Trigger Warning: war, sanctions, imperialism, medical violence
It’s easy to dismiss the rejection of the new accords between Iran and the US as a sort of simplistic radicalism. Actually, with people like former congressional representative Michele Bachmann, saying that these terrible deals are ushering in the end times but are also great because its, again, ushering in the end times, it’s difficult not to conclude that it’s a mix of strange eschatology and hypernationalism that has led to members of both nations to speak out against the deal.
To be fair, that isn’t an entirely unrealistic depiction of the case in Iran, where the government has “suspended” one newspaper for stating that Iran’s negotiators gave away too much ground in this deal. Support for the deal, which would end the international sanctions which have devastated Iran’s economy and restricted access to critical medical supplies and other necessities, is clearly something that many people are willing to show. The dangers and difficulties to be faced by the majority of Iranians if the deal doesn’t go through – the threat of invasion, of war, of economic hardships – are visible, known, and actually a coercive factor in pushing all but the most fiercely militaristic into supporting the deal.
That isn’t the lived experience for most residents of the United States, however. Involvement in some sort of war in broader Middle East and southern Central Asia has been on-going, a part of American life for more than a decade now. But for all but the small minority of people in the US military, it’s a distant reality. War is something that happens somewhere else to someone else. The tiny fraction of the population engaged directly in the conflict is only shrinking further, for that matter, as new military policies and practices replace ground troops with (increasingly automated) drones. There are of course the people who under those conditions are rather jingoistic, and in a Bachmann-esque manner call for an apocalyptic war they won’t have to fight.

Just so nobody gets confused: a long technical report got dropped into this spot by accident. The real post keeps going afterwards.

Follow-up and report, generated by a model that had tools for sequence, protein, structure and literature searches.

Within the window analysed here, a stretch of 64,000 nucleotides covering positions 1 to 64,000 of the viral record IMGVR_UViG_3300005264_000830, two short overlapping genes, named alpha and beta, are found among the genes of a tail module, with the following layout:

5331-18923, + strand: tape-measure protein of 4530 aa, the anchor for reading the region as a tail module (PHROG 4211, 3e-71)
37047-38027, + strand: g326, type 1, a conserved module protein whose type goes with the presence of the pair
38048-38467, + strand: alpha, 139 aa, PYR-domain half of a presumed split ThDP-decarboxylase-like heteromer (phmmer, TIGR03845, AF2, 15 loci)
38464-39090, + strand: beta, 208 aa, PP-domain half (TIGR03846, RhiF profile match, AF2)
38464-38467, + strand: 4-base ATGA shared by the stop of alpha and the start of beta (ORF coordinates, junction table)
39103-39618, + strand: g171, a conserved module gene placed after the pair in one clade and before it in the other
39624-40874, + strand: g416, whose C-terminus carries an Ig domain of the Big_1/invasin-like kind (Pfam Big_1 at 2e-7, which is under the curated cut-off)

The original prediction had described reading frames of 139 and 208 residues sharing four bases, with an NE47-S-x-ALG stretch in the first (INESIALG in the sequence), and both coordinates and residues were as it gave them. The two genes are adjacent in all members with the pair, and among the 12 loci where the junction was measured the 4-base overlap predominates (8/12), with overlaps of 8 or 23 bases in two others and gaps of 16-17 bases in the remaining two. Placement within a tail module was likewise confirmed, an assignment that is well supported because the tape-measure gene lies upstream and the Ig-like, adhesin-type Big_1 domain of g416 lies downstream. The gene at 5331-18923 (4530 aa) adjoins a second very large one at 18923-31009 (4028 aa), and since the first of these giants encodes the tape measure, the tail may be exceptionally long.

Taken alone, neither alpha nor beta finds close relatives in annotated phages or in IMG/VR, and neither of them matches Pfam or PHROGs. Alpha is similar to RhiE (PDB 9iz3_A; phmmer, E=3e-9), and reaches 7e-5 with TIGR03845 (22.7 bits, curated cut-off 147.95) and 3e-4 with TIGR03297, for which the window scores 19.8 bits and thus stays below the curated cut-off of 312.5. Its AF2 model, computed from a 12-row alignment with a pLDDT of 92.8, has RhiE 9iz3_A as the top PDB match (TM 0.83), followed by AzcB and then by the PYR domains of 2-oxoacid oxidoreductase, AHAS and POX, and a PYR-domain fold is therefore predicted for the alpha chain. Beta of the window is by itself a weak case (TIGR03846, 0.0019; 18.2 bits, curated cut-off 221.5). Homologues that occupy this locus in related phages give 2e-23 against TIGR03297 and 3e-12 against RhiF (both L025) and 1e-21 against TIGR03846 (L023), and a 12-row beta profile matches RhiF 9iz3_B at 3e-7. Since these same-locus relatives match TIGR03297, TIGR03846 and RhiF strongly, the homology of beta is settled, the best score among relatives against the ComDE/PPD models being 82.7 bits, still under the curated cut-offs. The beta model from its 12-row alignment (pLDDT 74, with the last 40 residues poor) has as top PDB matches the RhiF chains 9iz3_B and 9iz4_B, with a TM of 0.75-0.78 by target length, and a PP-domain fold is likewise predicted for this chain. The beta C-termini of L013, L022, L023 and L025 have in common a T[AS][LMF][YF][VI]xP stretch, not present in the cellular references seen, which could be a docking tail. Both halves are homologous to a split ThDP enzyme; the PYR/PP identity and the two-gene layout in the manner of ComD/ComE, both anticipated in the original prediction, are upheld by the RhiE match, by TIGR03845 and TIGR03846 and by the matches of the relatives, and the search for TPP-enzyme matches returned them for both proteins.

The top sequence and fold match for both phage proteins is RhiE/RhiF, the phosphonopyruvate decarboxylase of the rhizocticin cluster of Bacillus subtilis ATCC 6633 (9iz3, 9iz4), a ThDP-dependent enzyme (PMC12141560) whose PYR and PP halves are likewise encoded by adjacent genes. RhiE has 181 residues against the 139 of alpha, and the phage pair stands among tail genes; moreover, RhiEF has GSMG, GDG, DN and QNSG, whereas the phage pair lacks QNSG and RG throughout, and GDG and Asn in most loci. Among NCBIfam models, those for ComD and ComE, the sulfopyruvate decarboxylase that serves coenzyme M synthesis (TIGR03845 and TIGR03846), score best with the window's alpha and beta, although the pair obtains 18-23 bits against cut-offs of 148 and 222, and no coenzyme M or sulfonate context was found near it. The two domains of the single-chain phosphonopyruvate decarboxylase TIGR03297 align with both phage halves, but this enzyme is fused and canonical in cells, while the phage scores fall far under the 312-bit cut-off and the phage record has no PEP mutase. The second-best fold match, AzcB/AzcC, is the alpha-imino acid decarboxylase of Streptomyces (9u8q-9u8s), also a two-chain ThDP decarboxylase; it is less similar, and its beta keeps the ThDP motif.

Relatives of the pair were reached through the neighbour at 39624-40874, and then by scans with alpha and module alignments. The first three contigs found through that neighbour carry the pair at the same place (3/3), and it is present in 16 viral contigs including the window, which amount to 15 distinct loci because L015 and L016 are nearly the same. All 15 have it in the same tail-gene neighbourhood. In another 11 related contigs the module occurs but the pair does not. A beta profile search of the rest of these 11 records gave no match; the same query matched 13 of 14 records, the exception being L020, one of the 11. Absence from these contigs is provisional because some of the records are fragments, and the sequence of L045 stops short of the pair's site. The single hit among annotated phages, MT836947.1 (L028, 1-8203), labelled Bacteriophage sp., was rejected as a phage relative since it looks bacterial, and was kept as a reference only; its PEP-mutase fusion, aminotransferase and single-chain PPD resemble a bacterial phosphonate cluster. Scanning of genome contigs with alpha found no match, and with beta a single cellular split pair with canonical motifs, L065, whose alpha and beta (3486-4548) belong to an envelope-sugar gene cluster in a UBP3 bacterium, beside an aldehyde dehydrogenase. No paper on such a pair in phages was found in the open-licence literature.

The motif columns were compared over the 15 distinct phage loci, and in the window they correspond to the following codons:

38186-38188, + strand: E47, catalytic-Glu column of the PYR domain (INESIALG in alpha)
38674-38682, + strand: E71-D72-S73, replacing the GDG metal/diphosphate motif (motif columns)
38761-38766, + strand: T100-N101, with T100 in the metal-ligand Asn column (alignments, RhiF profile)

An Iranian family supportive of the deal hold up a sign welcoming the end of sanctions which reads “Hello, World!” From here.
But there are also numerous “moderates” for whom a rejection of the deal is more than not political toxic, at times politically viable and even useful. Much has been made of Senator (D-NY) Chuck Schumer’s planned rejection of the deal. He was joined yesterday by Bob Menendez (D-NJ). Neither of those Senators are particularly known for voting with the more reflexively militaristic Republicans, and yet, they have found themselves on that side of the vote on this. The processes influencing that are multiple and complex, but fundamentally, there is the reality that the US and Iran come to the negotiating table unequally. We have the ability to reject the deal in a way that they do not. We cannot overlook and equate our critics of negotiation with theirs, because we aren’t them and we don’t have a stake in this the way they do.